Earlier last week, the Republic of South Sudan, the world's newest state, was admitted into the East African Community. The Community brings together Burundi, Kenya, Rwanda, Tanzania and Uganda, with, South Sudan included, a combined total of about 160 million people.
A couple of people I know from the new entrant to the Community were not exactly enthused, not like they were in 2011 when the country gained independence. At the time, the mainly Christian South became free, as it were, from the mainly Muslim North. But the divisions between North and South were less as religious as they were political and economic.
The Community, broadly, aims to transform and uplift its people. The countries here, save for Kenya, which is the 6th largest economy on the continent, are largely agrarian and poor. Needless to say, the politicians here, like many of their counterparts elsewhere on the continent, are some of the richest in the world.
But why were these friends of mine, well educated, not excited by this historic event? A little bit of perspective here may help. From the look of things, the enthusiasm in South Sudan about their independence appears to have come to nothing. Since then, the people there, who have endured their fair share of suffering and misery in all its forms when still part of Sudan, have come face to face with bitter reality. The reality that a change in name is sometimes overrated.
Ever since independence, the people of South Sudan have continued to swim in poverty. The numbers of people dying has not gone down; it has, in fact, increased with a little twinge: the deaths have been more rampant and brutal. And none of this, or very little of it has been as a result of the dreaded North. The situation is clear testament to self brutality.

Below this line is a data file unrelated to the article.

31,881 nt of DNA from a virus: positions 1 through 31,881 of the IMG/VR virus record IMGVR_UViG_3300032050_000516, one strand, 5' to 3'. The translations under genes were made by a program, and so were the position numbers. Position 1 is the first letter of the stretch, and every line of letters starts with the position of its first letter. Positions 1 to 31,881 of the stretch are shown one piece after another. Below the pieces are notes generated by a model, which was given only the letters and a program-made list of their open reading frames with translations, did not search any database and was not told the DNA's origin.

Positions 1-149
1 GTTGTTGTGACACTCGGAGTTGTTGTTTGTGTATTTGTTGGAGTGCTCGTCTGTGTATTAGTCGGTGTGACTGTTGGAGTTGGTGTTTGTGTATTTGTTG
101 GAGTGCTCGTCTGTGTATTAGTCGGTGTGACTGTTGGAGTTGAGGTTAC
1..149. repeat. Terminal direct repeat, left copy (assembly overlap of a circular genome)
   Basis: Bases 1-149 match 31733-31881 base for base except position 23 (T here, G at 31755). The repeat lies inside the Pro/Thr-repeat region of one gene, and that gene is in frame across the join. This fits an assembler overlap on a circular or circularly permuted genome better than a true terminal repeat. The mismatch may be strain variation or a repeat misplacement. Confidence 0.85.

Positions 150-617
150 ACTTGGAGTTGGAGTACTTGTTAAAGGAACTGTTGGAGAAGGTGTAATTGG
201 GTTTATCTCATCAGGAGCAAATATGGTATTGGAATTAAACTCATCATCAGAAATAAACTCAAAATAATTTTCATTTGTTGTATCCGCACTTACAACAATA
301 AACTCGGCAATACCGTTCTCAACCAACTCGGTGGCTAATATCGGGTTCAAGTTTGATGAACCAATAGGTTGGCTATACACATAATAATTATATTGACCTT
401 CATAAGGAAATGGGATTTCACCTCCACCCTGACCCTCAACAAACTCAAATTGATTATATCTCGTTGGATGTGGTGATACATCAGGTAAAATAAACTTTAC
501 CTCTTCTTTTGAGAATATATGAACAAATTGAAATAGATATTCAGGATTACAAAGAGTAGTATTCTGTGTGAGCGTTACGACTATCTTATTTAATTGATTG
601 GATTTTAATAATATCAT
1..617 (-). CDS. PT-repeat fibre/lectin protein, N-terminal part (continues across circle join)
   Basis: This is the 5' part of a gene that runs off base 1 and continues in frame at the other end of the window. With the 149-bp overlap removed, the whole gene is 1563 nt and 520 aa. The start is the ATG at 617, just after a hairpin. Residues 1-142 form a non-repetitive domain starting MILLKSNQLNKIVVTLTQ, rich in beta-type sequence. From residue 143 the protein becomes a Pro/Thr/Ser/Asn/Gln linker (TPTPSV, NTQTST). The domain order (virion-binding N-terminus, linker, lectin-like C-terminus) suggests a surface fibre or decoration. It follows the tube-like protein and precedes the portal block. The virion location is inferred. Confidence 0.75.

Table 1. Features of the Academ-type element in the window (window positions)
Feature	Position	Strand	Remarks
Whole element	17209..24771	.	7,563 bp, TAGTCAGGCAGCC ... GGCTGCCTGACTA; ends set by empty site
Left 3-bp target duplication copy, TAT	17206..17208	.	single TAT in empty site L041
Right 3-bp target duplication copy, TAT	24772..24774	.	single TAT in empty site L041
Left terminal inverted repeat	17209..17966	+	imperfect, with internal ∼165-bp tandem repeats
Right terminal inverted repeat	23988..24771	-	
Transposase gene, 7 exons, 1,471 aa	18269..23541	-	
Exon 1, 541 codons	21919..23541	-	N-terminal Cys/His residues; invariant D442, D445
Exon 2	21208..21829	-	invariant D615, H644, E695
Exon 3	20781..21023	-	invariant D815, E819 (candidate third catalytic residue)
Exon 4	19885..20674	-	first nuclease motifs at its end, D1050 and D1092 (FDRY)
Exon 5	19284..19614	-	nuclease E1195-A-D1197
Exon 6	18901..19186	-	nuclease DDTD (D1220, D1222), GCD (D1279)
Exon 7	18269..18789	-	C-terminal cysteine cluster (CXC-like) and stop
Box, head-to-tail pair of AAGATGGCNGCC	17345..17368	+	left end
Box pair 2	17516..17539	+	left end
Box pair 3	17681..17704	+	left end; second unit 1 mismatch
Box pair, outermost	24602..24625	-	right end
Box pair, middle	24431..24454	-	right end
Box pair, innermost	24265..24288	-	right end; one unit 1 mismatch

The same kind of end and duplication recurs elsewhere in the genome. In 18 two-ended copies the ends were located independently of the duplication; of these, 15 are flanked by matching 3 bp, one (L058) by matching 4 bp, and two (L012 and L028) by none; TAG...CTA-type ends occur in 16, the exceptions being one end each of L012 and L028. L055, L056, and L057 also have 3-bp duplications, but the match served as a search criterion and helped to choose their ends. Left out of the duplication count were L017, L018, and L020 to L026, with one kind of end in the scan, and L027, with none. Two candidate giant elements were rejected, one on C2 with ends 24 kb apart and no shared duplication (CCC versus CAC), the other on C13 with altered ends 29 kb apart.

Now the country comes to the Community that is part of the larger Great Lakes region of Africa. This region stands head and shoulders above any other on the troubled continent in terms of coups, human rights violations, refugee figures, guerilla fighters and rebel groups. What does this Community have for their latest Partner State? It is not all doom and gloom. With the exception of Burundi, there has been stability in all the countries in this Community.
In terms of democracy, it would be too generous to say the Community is a manual of the world's best practices. Will the Community offer any meaningful lessons to the new entrant? The jury is out. The Community is at the level of a Common Market, meaning there is, free movement of persons and goods. On paper at least. Some significant changes are immediately in place, however. There are no visa fees for citizens of these countries, which are as high as 100 USD. These small changes are important.
Three of the six countries in the Community all have oil deposits. Larger questions remain regarding what more the Community can give to the latest Partner State and what South Sudan itself can bring to the table. The uncertainty is palpable. Perhaps that is why my friends were not exactly over the moon.
Next week I will be in the historically important city of Arusha, where all the activities about the Community take place. I wont be there to talk politics, but to look at the city.
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